The Basics of Cancelling a Purchase Agreement

Whenever you enter any sort of agreement, it’s best to find out an exit point before you even go in. When buying a house, knowing about what the limitations are when it comes to cancelling the purchase agreement is essential because in the process of buying real estate property, a lot of things can happen. You can’t always expect that the home buying process will go smoothly from day one until the day you move in. There will be changes, there will be things that can influence your decision and make you change your mind.

For example, if you’re looking at Coronado homes for sale and you start working with a real estate agent to get a particular Coronado real estate property, you don’t know what would change your situation in the future. It could be issues with the lender, issues with the house itself, or some changes in your personal situation. Imagine what financial burden it would be to be saddled with a mortgage when your financial situation has changed. On the other hand, not honoring the purchase agreement could get you into some legal trouble.

When buying a house, the document that binds you to certain legal obligations is the purchase agreement. Before you sign it, ask your real estate agent if you can be released from the agreement for any reason, and ask that it be put in writing. If the agent tells you that you can’t cancel, look for a different agent. Consult the broker of the agent and check whether it’s really their company policy that there’s no acceptable reason to cancel a purchase agreement.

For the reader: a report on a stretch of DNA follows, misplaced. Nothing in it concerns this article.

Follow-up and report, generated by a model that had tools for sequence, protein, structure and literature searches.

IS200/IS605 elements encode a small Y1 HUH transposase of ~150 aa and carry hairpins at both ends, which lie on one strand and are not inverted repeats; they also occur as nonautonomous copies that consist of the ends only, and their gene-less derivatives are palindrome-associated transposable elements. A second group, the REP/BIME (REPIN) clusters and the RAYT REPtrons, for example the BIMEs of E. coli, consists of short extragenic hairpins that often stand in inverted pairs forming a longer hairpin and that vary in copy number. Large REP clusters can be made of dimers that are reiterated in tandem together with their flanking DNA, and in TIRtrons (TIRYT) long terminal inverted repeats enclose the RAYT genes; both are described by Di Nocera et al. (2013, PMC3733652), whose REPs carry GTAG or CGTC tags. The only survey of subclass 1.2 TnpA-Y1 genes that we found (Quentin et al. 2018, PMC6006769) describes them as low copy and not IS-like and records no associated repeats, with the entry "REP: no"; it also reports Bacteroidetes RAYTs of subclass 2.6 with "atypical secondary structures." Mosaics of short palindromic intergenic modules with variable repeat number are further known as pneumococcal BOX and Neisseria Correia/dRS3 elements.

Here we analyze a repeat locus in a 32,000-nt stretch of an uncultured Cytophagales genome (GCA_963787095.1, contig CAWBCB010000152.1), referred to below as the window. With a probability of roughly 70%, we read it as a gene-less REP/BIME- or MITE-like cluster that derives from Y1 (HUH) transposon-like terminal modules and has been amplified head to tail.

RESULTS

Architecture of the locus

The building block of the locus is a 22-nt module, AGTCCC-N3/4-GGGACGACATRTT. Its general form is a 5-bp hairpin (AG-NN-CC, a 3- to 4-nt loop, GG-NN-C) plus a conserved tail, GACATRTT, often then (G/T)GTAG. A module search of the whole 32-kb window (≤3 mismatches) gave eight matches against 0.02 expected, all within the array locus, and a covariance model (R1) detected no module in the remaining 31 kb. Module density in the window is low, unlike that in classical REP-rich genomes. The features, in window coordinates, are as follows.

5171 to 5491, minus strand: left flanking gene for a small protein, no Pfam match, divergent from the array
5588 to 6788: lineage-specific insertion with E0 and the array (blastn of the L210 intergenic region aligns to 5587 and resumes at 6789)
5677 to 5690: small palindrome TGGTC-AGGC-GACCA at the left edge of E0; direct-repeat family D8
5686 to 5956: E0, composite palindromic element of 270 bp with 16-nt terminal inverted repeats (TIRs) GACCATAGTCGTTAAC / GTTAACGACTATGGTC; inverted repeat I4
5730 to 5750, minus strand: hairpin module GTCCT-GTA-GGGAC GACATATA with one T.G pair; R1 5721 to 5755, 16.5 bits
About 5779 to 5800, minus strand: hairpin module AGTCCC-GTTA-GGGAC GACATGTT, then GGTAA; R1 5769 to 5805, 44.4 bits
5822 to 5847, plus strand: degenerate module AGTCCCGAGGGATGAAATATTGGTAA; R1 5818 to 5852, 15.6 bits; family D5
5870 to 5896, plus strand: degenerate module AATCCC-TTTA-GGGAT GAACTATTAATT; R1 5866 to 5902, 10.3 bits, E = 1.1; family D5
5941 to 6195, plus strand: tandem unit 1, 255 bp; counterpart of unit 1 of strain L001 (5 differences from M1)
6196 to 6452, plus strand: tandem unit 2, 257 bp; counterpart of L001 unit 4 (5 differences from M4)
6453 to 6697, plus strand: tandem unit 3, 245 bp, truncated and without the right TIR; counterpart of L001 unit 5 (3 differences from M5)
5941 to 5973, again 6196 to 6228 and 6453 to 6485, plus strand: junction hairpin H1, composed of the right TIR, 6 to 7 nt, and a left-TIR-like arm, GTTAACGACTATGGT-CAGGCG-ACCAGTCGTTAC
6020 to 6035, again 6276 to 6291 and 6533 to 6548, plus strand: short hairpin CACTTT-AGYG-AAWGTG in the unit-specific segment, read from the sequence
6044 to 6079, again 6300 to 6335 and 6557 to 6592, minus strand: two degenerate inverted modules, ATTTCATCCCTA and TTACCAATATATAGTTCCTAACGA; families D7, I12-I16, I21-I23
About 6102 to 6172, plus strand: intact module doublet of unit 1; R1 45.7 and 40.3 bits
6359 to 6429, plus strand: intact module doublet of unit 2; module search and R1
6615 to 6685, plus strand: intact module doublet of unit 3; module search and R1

Before signing a purchase agreement, it’s best to read it thoroughly, especially the cancellation clauses. You can set contingencies in the purchase contract, if the seller will agree to it. Some buyers include contingencies like they will only complete the purchase if the appraisal of the property reaches a certain amount, or if they are able to sell their first house at a certain price and within a certain timeframe, or that the seller first completes specific repairs that they agree should be done before the purchase of the house.

Some states require that inspections are completed before you sign a purchase agreement so that after you have the house inspected and then you sign the contract, it will already be considered binding. Some states require that you sign the contract first before you have the house inspected. Should the inspection report come back with some things that you’d consider deal breakers, then your deposit money should be returned to you, but only after the inspection report comes back.

In some states, the default period for inspections to be completed is 17 days. However, if you have contingencies in place, they will remain intact even after the 17 days have passed. In other words, you can still extend the 17 days and not cancel the purchase agreement, until the seller objects to the length of time you’re keeping his property off the market.

Once the seller objects, he issues a Notice to Perform, which means that you are called to action, usually within 24 to 72 hours so as not to hold up the property too long. If you don’t remove the contingencies of the contract within the seller’s specified time, then the seller can back out of the purchase agreement.